The Columbia Center for Translational Immunology (CCTI) at Columbia University Medical Center is a multi-departmental, multidisciplinary research center aimed at optimizing translation of advances in basic immunology from the laboratory to the clinic, understanding immunological diseases and events in humans and optimizing transfer of information and methodologies to achieve synergy between different disciplines of applied immunology.
Columbia has the largest organ transplant program in the country, and a major reason for establishing the CCTI was the need for an in-depth laboratory research program focused around the extraordinary potential provided by this clinical program. The Center was established in April 2010 and currently includes 15 faculty members, including 13 Principal Investigators. The CCTI includes laboratories working in various areas of organ transplantation, hematopoietic cell transplantation, Type I diabetes, other areas of autoimmunity, tumor immunology, stem cell biology and basic immunology.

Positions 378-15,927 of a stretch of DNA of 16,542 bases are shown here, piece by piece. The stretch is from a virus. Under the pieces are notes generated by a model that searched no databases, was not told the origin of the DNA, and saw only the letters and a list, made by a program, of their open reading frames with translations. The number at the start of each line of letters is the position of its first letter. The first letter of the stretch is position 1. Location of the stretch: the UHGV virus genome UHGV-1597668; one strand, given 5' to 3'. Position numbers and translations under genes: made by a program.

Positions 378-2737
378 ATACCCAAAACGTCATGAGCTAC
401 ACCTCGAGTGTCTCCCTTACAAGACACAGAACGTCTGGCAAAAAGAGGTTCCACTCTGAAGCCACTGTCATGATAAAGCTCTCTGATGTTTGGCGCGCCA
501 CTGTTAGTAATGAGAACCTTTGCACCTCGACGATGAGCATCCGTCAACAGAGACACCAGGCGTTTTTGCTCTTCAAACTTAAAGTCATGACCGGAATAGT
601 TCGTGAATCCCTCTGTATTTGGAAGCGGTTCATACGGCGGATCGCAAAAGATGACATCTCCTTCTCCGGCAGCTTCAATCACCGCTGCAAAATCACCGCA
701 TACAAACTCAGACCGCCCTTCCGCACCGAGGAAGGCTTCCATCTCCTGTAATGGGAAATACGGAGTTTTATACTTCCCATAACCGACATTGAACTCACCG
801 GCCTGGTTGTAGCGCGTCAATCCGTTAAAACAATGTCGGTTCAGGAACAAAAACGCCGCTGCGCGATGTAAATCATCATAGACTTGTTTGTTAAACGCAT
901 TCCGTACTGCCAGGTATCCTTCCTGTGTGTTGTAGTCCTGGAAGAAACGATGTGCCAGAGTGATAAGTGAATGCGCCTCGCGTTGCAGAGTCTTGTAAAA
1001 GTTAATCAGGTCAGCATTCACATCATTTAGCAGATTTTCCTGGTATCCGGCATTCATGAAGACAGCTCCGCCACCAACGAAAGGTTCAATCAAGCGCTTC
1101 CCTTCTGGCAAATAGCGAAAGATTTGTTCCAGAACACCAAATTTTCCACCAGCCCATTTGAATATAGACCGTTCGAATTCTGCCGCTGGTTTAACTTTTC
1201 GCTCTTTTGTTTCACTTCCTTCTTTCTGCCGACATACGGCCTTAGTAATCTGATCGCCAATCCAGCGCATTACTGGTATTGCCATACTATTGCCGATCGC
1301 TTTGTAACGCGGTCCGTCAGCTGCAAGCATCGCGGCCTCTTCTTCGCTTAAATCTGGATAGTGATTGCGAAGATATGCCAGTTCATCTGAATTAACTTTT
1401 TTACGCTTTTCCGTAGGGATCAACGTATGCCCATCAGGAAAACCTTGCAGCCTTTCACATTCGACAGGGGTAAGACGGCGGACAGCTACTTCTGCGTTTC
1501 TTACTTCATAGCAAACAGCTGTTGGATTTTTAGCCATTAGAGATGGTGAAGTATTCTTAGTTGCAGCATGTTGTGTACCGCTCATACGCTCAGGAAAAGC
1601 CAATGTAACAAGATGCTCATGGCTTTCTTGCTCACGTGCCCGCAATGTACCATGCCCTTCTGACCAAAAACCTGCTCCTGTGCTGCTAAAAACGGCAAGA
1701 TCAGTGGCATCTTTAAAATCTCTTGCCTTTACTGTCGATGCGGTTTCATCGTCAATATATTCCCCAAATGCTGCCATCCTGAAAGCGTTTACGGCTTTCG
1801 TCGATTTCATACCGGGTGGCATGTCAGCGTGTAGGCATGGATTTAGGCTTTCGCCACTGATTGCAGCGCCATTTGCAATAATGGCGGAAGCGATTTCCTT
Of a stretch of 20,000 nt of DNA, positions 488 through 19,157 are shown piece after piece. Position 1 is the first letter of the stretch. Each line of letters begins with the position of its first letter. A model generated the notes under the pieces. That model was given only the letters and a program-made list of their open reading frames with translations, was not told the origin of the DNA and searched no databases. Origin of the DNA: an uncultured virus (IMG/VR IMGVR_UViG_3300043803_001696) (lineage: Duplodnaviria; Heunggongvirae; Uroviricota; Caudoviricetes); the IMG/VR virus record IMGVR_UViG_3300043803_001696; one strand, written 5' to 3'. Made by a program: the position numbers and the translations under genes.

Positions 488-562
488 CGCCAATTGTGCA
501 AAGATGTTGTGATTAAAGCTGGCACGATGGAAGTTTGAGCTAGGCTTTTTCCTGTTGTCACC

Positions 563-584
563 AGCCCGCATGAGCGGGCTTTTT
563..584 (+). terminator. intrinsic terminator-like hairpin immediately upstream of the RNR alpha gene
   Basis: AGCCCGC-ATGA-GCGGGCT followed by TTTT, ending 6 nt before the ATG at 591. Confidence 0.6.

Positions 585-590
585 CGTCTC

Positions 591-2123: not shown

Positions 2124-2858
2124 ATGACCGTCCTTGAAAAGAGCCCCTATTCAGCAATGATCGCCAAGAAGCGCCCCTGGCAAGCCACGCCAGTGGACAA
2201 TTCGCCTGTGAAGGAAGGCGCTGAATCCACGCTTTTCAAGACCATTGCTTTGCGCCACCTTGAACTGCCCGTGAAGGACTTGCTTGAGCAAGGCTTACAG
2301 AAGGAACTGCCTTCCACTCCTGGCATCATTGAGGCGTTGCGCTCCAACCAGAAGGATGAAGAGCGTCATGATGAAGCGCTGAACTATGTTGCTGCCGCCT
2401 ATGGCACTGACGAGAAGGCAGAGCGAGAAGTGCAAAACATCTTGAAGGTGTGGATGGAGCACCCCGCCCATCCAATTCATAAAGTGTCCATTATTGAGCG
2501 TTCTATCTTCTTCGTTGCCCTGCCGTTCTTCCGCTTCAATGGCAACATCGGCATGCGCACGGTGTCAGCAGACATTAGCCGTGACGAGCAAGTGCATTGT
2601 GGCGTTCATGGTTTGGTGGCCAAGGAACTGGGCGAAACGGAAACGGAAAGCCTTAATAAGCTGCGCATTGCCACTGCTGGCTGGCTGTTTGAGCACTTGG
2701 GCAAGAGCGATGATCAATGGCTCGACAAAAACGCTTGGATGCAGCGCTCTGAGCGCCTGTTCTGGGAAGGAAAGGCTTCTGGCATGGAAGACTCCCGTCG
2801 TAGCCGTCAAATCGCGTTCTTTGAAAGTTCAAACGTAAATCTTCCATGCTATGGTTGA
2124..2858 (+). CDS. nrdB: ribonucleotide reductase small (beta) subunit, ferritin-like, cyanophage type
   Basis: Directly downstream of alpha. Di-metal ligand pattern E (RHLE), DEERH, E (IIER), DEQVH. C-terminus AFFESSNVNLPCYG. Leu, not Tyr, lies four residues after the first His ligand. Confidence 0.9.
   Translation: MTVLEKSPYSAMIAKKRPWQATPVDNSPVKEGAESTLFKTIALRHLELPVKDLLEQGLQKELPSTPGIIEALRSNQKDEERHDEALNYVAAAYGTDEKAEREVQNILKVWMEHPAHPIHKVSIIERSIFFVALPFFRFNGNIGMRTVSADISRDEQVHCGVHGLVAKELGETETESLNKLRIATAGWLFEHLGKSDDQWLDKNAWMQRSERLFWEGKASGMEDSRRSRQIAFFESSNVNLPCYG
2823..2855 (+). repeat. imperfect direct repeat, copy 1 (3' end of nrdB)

CCTI investigators have expertise at all levels of immunology and transplantation, from molecular biology to large animal and clinical transplantation studies. The CCTI Cores include a Biobank, a Human Studies Core, an Imaging/Flow Cytometry Core, an Animal Core and a Humanized Mouse Core.
The mission of the CCTI is to accelerate translation of basic advances in immunology into new clinical therapies for immune diseases by creating a center that:
- Fosters “horizontal” integration of information and advances between immunological disciplines and “vertical” integration between scientists and clinicians;
- Trains a new generation of scientists and clinicians with the skills to lead the translation of future advances in immunology into clinical therapies.
The latter goal includes both didactic teaching roles for CCTI faculty in the undergraduate and graduate basic science and medical curricula of the University as well as one-on-one mentorship to provide training in laboratory research to undergraduate, graduate and medical students as well as residents, clinical fellows and post-doctoral fellows.